An Autism Story

This is a true story about how the conventional medical community continues to misunderstand, misdiagnose and mistreat autism. A four-year old child who was newly diagnosed with ASD recently visited the neurology clinic of a well-known and well-respected developmental clinic. His presenting symptom was extremely disruptive behavior that included lack of sleep and nighttime wandering with tantrums (including head banging) for the past 2 or 3 nights. The mother was really at her wit’s end.

The neurologist was not available to assess the situation. The physician’s assistant who did see the patient did just that. OBSERVED him. She did not EXAMINE  him because it was clear that this autistic child was just exhibiting one of his autistic behaviors. She ordered Intuniv, a blood pressure medicine that has a side effect of decreasing ADHD behaviors. She instructed the Mom to give a dose at night and another dose in the morning, “if he needs it.” No blood pressure was taken. In fact, no VITAL SIGNS were taken at all (heart rate, temperature, respirations). It wasn’t necessary, I guess, because the P.A. already knew what was wrong.

Luckily, the Mom brought the child over to our clinic where we made the diagnosis of acute bilateral otitis media – a roaring infection in both ears. The temperature of the child was elevated and he appeared quite disturbed. He didn’t need the “calming” medicine at all. He needed antibiotics – and if you read this blog at all you know that I hate to prescribe antibiotics.

Shire and the American of Academy of Pediatrics are going to make a ton of bucks from the Intuniv. The pharmaceutical company gets money from the sale of this “new” ADHD med (it’s been around as the blood pressure medicine Tenex since 1986, then approved for hyperactivity a few years ago) and the AAP gets dollars from the advertising revenue in their menagerie of magazines, touted as “real science”.

Even if the child did need a ‘behavior medicine’, “Intuniv is indicated for the treatment of Attention Deficit Hyperactivity Disorder (ADHD) in children and adolescents aged 6 to 17.” Was that the symptom that this child was exhibiting? “Hypotension, bradycardia, and syncope were observed in clinical trials.” The parent was never informed about such side effects. “Patients should be advised to avoid becoming dehydrated or overheated.” Gee, that never happens in Florida.

Continuing with the detailed prescribing information, “The first pivotal trial was a phase III…in which investigators randomized 345 children aged 6 to 17 years to either a placebo or a fixed 2-mg, 3-mg, or 4-mg dose of Intuniv given once daily during an eight-week period.” That constitutes safety? The second ‘pivotal’ trial lasted 9 weeks. Wow, that makes me feel a lot better.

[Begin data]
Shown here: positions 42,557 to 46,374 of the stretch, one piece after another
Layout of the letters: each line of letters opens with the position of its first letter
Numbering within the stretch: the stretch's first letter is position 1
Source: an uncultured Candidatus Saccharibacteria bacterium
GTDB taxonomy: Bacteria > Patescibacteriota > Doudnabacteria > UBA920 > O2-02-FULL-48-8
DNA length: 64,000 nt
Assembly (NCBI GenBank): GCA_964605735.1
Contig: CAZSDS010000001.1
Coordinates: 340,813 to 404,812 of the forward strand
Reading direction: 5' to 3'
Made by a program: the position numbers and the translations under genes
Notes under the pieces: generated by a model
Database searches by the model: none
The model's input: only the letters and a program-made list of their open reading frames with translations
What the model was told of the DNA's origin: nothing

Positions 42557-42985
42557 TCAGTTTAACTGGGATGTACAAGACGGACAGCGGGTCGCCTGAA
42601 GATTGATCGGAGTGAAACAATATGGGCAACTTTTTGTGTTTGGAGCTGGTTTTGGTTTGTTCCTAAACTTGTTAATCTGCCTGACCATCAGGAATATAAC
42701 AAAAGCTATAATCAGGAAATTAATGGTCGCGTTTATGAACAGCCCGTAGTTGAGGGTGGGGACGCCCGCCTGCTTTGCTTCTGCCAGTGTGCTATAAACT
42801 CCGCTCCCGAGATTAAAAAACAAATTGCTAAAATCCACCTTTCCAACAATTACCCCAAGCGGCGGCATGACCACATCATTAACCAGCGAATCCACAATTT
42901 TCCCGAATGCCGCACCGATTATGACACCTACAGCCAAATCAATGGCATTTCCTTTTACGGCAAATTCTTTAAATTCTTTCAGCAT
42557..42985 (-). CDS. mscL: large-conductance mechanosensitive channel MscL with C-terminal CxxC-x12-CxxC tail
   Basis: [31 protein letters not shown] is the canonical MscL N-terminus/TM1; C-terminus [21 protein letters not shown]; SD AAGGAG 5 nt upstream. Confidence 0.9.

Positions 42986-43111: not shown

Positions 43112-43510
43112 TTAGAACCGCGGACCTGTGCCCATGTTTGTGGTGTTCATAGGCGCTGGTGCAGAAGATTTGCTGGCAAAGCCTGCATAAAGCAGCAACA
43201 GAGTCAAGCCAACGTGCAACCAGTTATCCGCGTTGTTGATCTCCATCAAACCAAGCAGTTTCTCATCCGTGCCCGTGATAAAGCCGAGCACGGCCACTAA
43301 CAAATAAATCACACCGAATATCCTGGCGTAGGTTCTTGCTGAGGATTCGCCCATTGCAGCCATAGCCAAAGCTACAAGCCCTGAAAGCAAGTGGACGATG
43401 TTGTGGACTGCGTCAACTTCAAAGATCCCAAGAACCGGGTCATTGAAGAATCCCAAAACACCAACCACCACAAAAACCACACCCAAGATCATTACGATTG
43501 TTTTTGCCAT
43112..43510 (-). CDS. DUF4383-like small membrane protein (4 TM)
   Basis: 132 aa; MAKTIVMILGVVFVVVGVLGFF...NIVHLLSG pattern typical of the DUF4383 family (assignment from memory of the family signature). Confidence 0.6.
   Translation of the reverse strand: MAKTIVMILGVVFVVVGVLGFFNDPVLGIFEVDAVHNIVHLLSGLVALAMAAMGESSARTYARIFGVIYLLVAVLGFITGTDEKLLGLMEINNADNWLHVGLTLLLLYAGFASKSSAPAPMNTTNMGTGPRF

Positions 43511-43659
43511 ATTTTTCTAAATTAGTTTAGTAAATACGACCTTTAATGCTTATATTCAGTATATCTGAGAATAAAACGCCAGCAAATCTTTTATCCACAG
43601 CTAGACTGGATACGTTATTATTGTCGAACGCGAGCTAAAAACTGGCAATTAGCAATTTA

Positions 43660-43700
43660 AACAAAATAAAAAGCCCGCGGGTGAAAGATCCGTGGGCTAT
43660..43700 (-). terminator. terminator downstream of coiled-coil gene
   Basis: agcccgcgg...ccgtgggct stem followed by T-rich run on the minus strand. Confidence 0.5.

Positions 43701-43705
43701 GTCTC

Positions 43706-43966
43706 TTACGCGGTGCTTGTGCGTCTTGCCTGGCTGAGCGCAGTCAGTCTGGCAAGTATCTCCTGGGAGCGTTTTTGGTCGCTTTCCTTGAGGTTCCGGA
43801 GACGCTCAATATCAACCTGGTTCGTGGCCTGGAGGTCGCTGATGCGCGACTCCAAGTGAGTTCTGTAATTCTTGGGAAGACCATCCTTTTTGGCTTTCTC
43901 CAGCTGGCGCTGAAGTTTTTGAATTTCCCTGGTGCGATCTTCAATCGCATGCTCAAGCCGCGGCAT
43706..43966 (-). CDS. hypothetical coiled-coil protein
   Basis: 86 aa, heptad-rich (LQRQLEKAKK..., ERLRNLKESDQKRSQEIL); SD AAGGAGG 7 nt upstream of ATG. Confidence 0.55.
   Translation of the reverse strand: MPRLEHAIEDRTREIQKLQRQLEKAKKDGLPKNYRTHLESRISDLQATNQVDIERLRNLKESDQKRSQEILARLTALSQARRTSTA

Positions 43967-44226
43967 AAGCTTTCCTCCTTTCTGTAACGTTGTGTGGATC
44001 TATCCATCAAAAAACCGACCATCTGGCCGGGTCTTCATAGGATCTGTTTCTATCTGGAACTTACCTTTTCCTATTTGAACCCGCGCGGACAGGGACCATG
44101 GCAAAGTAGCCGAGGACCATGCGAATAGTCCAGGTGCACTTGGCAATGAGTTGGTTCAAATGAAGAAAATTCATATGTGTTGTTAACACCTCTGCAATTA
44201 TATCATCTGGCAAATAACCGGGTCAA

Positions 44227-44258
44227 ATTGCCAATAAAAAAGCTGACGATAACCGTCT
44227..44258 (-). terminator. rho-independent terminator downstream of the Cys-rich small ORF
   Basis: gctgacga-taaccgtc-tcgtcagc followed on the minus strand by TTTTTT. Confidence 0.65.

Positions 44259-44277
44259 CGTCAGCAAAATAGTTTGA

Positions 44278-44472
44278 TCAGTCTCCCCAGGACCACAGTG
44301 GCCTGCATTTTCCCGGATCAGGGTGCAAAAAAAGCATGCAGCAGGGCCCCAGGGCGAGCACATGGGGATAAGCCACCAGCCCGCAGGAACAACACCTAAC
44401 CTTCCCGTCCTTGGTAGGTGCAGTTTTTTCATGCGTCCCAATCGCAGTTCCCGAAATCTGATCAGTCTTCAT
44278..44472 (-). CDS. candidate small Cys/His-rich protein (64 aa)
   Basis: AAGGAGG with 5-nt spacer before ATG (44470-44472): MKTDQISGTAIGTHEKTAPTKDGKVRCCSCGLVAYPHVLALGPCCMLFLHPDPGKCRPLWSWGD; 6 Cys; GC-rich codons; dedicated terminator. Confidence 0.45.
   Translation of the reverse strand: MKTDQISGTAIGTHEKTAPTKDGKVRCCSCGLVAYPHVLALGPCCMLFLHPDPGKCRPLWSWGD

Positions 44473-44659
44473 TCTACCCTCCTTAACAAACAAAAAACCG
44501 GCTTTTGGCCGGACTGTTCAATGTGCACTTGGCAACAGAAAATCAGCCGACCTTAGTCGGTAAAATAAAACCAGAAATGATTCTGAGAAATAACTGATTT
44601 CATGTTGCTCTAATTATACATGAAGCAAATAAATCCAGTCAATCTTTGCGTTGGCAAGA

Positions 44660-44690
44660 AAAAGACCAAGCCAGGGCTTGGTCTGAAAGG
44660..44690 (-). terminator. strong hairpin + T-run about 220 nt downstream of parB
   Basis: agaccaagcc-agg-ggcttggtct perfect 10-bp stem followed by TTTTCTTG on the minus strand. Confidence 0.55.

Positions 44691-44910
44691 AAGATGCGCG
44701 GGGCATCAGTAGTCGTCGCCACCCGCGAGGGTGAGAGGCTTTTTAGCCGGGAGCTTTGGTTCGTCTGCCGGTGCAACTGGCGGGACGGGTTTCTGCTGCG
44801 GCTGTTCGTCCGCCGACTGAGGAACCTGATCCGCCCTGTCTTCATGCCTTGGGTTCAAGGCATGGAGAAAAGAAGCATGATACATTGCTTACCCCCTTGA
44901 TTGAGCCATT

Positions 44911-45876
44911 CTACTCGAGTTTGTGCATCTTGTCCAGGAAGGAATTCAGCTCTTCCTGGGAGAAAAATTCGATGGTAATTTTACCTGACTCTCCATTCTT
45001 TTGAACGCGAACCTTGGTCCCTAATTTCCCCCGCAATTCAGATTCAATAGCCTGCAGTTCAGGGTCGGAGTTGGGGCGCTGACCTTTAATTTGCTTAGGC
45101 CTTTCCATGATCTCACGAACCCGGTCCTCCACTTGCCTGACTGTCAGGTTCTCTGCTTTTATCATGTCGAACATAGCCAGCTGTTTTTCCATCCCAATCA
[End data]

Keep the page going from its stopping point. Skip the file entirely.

Who do I blame for this travesty? It starts with the pharmaceutical companies who only want to sell their snake oil, of course. Then, there are our medical journals which advertise the stuff as such a sexy, new, useful panacea. They confer validity to the products. But, what about the doctors who let this BS be fed to their patients? Are we asking the right questions about usage, dosing, side effects and safety? Cost, of course, is never a factor. As a matter of fact, the more expensive the potion, the better is must work, right? Then, the local docs allow ancillary personnel to dispense such poison without any supervision (apparently so in this case) and obviously do not teach proper evaluation and patient counseling. Blame cannot simply fall on the shoulders of the lowly physician’s assistant in this particular case, of course, but how badly would she have felt if this patient went on to have either 1) further complications from the primary (untreated) infection or 2) the negative side effects of the medicine itself?

Yep, the whole system is screwed up. It needs to be addressed from the medical schools outward to the local hospitals and physicians. The pharmaceutical companies need to serve the system, not control it. Medical managers working for insurance companies and best practices algorithms will only succeed if personal gain for the providers (at ALL levels) is left out of the equation. That’s a tall order in the present environment. And autism represents an outlier diagnosis whose patients suffer the most from continued ignorance.

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Brian D. Udell MD
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